Pterocarpus angolensis (Fabaceae) - kiaat tree Seed
Seed from the Kew Millennium Seed Bank collection at Wakehurst, outside London in the UK.
Pterocarpus angolensis (Fabaceae) - kiaat tree; native to southern Africa
Pterocarpus has remarkable fruits: anemochory, dispersal by means of barbed fruits and "Bodenroller" (winged fruits rolling along the ground), a triple strategy. The fruits are enclosed by a flat, dry involucre with a large surface and a relatively high weight. The spiny centre helps the fruit to stick to an animal (epizoochoric dispersal), the arrangement of the wings allows a dispersal by wind currents at the ground. Pterocarpus occurs in the savannah in the south of Africa (from Peter von Sengbusch, botany-online).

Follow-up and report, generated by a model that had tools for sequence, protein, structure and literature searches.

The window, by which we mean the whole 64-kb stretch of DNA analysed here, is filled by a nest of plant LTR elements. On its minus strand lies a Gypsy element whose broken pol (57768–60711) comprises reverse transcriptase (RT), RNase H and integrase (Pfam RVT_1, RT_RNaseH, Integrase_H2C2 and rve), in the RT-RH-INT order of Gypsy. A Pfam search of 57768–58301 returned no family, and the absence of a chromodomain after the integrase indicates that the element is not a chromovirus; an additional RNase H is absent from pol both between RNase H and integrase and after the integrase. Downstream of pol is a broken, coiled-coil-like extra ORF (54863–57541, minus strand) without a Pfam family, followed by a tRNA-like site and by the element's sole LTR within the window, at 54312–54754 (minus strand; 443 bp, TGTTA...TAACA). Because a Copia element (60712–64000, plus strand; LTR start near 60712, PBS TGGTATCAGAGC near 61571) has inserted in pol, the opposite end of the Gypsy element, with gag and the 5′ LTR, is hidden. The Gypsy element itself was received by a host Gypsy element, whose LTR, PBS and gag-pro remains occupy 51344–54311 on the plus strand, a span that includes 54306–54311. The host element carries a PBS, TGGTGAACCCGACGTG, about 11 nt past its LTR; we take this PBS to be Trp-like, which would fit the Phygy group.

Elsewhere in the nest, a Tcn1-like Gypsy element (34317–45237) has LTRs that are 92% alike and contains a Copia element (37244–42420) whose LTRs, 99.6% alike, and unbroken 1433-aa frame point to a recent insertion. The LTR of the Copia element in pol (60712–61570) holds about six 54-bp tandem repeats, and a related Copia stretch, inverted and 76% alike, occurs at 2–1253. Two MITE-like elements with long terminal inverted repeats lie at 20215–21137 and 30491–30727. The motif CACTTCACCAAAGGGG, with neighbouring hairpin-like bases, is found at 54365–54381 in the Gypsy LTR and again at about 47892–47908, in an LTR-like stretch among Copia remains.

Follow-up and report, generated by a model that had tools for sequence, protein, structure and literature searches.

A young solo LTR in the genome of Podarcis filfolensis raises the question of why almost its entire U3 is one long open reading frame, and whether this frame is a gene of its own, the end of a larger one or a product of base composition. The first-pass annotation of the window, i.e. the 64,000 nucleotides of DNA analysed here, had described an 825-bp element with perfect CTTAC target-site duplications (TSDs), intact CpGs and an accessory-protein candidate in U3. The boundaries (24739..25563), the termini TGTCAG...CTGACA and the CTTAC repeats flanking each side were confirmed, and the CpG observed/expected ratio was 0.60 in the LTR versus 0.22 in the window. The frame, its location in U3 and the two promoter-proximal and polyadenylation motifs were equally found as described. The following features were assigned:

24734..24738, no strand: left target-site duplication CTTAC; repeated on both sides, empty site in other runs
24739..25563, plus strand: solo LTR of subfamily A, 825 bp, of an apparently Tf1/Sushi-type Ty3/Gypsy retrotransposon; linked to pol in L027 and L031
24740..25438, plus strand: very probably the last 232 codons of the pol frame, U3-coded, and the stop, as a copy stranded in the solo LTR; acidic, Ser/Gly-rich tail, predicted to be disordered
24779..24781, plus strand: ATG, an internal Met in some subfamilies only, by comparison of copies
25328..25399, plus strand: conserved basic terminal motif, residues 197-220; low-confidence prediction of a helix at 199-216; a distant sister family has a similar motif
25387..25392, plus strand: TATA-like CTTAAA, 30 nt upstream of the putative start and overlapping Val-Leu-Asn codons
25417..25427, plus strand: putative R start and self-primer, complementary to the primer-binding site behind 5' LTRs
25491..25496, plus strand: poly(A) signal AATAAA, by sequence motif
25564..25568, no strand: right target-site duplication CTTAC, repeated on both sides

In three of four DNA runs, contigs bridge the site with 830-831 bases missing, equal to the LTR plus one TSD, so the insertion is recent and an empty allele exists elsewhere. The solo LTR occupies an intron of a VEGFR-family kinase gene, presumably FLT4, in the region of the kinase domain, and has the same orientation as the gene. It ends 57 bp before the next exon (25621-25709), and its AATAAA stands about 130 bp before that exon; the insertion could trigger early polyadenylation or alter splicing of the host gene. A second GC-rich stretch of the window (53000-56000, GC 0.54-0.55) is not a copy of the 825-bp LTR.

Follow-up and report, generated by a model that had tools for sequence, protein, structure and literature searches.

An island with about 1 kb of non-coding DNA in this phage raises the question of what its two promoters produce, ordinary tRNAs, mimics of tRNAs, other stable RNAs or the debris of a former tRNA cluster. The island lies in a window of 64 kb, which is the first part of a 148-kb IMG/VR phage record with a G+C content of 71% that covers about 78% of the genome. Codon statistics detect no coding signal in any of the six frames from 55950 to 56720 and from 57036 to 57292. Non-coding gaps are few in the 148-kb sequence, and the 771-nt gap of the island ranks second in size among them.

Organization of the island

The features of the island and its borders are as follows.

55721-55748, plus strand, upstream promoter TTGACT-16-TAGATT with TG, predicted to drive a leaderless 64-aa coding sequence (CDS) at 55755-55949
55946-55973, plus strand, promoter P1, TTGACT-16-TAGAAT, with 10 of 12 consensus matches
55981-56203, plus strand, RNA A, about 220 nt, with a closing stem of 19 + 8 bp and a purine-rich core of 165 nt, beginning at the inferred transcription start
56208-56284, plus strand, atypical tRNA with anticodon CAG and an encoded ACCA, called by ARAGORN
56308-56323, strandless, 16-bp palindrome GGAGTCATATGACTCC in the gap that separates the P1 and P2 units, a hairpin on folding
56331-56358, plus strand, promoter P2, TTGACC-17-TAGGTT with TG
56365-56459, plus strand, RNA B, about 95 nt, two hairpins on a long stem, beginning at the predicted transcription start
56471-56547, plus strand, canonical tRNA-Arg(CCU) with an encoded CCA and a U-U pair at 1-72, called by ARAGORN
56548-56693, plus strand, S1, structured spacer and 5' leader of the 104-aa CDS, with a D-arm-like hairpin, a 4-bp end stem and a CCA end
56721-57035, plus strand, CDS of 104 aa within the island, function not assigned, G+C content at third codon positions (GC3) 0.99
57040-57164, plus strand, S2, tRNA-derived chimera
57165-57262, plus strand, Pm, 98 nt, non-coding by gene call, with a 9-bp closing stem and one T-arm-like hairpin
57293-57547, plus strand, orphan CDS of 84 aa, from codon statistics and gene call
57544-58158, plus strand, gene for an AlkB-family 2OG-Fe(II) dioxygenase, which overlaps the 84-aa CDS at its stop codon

The genus has been given a name which describes the unusual seed pods, pter meaning "wing" in Greek and carpus which means "fruit" in Greek. The central, hardened seed case is surrounded by a broad, membranous wing and is therefore called "wing fruit" or Pterocarpus. There are roughly 30 species in the genus and these may be found in the more tropical regions of the world. Four species occur in southern Africa. The specific name, angolensis means "of Angola". The brilliant dramatically red sap found in Pterocarpus gives it the common name of "bloodwood". The wood apparently bears some resemblance to the unrelated true teak from tropical east Asia (Tectona grandis) hence the common name "wild teak".